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Data Processing

Data are analyzed with the Bernese V4.2 software [Hugentobler (2001)] using a processing sequence, described by [Árnadóttir et al. (2000)], that includes: 1) cycle-slip screening and outlier removal using ionosphere-free linear combination (L3) double-difference phase residuals; 2) estimation of an ionospheric model using the geometry-free linear combination (L4); 3) using the previously obtained ionospheric model and constraining the coordinates of REYK the L1 and L2 ambiguities are estimated and saved using the QIF ambiguity resolution strategy; 4) introducing the L1 and L2 ambiguities the L3 linear combination is used to calculate the final station coordinates and full covariance matrix.

Because precision GPS positioning requires differencing of carrier phase, we choose to tightly constrain (effectively fix) one site in the network (REYK) at its International Terrestrial Reference Frame 1997 (ITRF97) [Boucher et al. (1999)] coordinates for each week. The coordinates of REYK are referred to epoch 1997.0 and are projected to its present ITRF97 position using the ITRF97 velocities. Thus the daily coordinate results can be considered to be in the ITRF97 reference frame. After the data have been downloaded from the receivers, they are converted to RINEX (Receiver INdependent EXchange) format [Gurtner (1994)] using UNAVCO's teqc software [Estey and Meertens (1999)]. When data from all stations have been collected, usually between 5 and 6 am GMT, preliminary results (coordinates) are automatically calculated using predicted satellite orbits from the Center of Orbit Determination in Europe (CODE). The results are readily used to update images on the ISGPS web pages that are used for monitoring activity in the crust. Later the data are reprocessed using CODE final orbits [Hugentobler et al. (2001]. In both phases of processing we use the rapid pole information BULLET_A.ERP [McCarthy (1992)], [McCarthy (1996)]. The quality of CODE predicted and final orbits differs by a factor 4 [Hugentobler et al. (2001] and is reflected in poorer quality of the results obtained using the predicted orbits.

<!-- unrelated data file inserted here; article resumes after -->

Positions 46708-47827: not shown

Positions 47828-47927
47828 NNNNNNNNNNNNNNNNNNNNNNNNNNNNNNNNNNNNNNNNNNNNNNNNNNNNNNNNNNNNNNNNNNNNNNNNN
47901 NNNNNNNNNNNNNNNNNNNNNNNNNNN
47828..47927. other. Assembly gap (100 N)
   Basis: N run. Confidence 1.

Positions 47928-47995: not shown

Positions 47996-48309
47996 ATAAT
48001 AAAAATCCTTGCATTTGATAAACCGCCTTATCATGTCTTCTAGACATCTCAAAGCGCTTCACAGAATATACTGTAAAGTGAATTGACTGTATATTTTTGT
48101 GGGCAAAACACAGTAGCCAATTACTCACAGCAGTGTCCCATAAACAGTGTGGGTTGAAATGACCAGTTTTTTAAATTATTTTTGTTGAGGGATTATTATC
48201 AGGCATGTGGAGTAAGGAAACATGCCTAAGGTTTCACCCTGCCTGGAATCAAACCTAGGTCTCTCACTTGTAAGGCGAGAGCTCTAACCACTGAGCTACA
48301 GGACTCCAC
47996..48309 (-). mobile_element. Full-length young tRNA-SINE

The daily coordinate results are transformed to a local east-north-up coordinate system and the displacement since a fixed epoch calculated relative to REYK to build up the time series. The associated daily coordinate error is taken as the square root of the diagonal elements in the daily solution covariance matrix after transforming it to a local east-north-up coordinate system. We refer to this error as the "formal coordinate error". The off-diagonal elements in the full covariance matrix, representing the correlation of the coordinate results between coordinate compononents and stations, are generally not zero. The off-diagonal elements in the full covariance matrix are not taken into account in this study.

Figure 5: Motion of VOGS as a function of time, assuming REYK is stationary. Displacements in east, north and up directions are defined as positive. Outliers have not been removed and the coordinate errors are taken as the unscaled formal errors, see discussion in text. The vertical solid black lines note the times of the June 2000 earthquakes in the SISZ and the dashed vertical line notes the time of radome installation.
\mbox{\epsfig{figure=figures/vogs_enu_fixT_nocorr.eps,width=14.5cm} }

Figure 5 shows an example of the resulting time series. The figure shows the diplacements of VOGS relative to REYK as a function of time. The plate movements appear as gradual displacement towards east and south in Figure 5. As a first approximation we can assume that the plate velocities are constant. The errorbars in Figure 5 are the formal coordinate errors. The errors are not the true coordinate errors, as they are underestimated by the Bernese processing software [Hugentobler et al. (2001)] and need to be rescaled to obtain a more rigorous estimate of the coordinate errors. Incorrect coordinate errors lead to wrong error estimates for offsets in the time series, e.g. due to the June 2000 SISZ earthquakes and radome installation. Section 3.1 describes how the formal coordinate errors are rescaled.

There are a few outliers in the time series that need to be removed before the data are used for further interpretation. Outliers can substantially bias plate velocities derived from the time series (Section 4). The outliers can be removed by visual inspection, but that is not feasible since it is time consuming and it is hard to keep consistency for all the stations. Section 3.2 describes how the outliers are detected and removed.

next up previous contents
Next: Estimation of scaling factors Up: Continuous GPS measurements in Previous: Instruments and Data Transfer
Halldor Geirsson